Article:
Financial Literacy Campaign and Overseas Filipino Workers (OFWs)

by Arnel G. Talisayon*

Human Dimensions of Financial Education[1]

A Filipino who desires to work abroad typically gives only one answer when asked why he or she is willing to leave the family for a potentially difficult and lonely job outside the country: “Paramaka-ipon.” (“To save.”)

Abroad, five years later, with a take-home  pay amounting to more than the equivalent  salary of a highly skilled professional working  in Manila, the response to the same question is ominous. Still bereft of savings, and without a fallback career in the Philippines, the worker is forced to remain abroad while waiting for an apparently elusive financial stability.

The social cost of migration is hard to ascertain, especially when migration is seen  as an economic need, not a career option. Migration has been around for as long as humanity existed; in modern times, and in the context of the Philippines, migration generally assumes the form of at least one member of the family working abroad to provide financial support to those back home. Sadly, the breaking up of families becomes an inevitable consequence of migration as any of the father, mother, son or daughter becomes part of a foreign nation’s workforce for an indefinite period of time, or until the worker has “saved enough.”

The implications of this setup are manifold. Therefore, for any Financial Literacy Campaign to be effective in the Philippines,  it must take into account the real social impacts of migration and the cultural defaults of Filipino families as at least one of their members depart for work abroad. For instance:

•  Because of unsound financial management, many Filipinos have no savings even after their contracts abroad have expired. Many decide to stay in the foreign country illegally and work odd jobs. Since they do not have the legal protection guaranteed by proper visas, they are prone to abuse, their welfare is often compromised for a lower-than average pay, and they live in constant uncertainty for fear of being rounded up by immigration authorities. Some undocumented workers enter the foreign country as tourists.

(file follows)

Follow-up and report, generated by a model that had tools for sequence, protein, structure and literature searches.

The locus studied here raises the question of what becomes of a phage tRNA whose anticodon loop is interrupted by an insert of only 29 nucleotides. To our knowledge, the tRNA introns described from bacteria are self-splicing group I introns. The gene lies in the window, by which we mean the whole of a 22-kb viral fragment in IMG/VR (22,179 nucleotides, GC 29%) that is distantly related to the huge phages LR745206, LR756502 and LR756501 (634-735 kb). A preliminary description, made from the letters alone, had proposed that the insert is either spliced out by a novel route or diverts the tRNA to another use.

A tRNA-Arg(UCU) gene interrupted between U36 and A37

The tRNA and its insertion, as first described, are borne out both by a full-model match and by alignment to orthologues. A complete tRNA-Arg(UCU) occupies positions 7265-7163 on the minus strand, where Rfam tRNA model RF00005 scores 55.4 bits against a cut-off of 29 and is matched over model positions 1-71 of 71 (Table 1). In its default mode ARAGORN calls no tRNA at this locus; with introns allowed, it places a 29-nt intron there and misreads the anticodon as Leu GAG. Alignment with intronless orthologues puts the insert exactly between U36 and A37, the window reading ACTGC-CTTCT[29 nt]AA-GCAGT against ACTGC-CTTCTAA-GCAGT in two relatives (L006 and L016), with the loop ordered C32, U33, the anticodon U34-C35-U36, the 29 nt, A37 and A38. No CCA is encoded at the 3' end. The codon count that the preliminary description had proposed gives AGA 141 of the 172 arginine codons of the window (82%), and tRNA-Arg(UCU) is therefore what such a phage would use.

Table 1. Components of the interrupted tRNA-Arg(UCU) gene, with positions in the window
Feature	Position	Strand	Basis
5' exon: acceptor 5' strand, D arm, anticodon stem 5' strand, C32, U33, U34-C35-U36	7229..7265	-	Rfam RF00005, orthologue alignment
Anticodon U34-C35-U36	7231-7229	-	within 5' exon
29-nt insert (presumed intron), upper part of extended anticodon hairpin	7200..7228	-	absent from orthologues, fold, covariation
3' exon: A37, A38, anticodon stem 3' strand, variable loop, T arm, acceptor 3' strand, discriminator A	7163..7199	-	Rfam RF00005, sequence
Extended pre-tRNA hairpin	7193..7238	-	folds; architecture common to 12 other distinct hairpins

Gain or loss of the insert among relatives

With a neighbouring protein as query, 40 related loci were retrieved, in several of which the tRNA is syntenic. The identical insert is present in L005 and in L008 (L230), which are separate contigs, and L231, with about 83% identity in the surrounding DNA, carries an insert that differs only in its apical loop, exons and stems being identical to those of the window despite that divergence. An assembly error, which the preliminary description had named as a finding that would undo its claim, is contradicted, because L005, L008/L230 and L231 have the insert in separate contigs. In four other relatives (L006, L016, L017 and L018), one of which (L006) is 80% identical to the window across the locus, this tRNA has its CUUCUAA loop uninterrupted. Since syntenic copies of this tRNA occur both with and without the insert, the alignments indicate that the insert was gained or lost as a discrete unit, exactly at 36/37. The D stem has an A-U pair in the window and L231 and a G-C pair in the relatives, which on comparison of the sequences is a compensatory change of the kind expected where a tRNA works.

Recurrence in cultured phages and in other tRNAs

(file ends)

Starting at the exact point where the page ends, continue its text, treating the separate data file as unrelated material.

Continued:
•  Underemployment among Filipino workers is prevalent.  Majority of Filipino factory workers in South Korea, for instance, are college degree holders. Some are professionals—engineers, teachers, writers—who decide to engage in blue collar jobs because of the lure of a higher salary. Brain drain in the Philippines is a recurring issue.

•  Overseas Filipino Workers (OFWs) often complain that, in the end, it is the bond of the family that suffers. Stories about children growing up with an absentee father or mother abound. Because children grow up materially satisfied and accustomed to the idea of migrant jobs, they form a new generation of individuals whose end goal is to leave the country for greener pasture abroad, hence creating a cycle and mindset of foreign-work dependency.

•  Studies by the International Monetary Fund reveal that many of the families left behind in the Philippines refuse to find work of their own and rely merely on remittances. Perhaps because of guilt for being away from their families, workers also tend to acquiesce to the material requests of their relatives, from top-of-the-line mobile phones to entertainment systems. A so-called temporary middle class is thereby created. Once the migrant worker returns home, the main source of income vanishes, and the material acquisitions are sold below cost. The family languishes in uncertainty, until the same, or another, family member goes abroad again.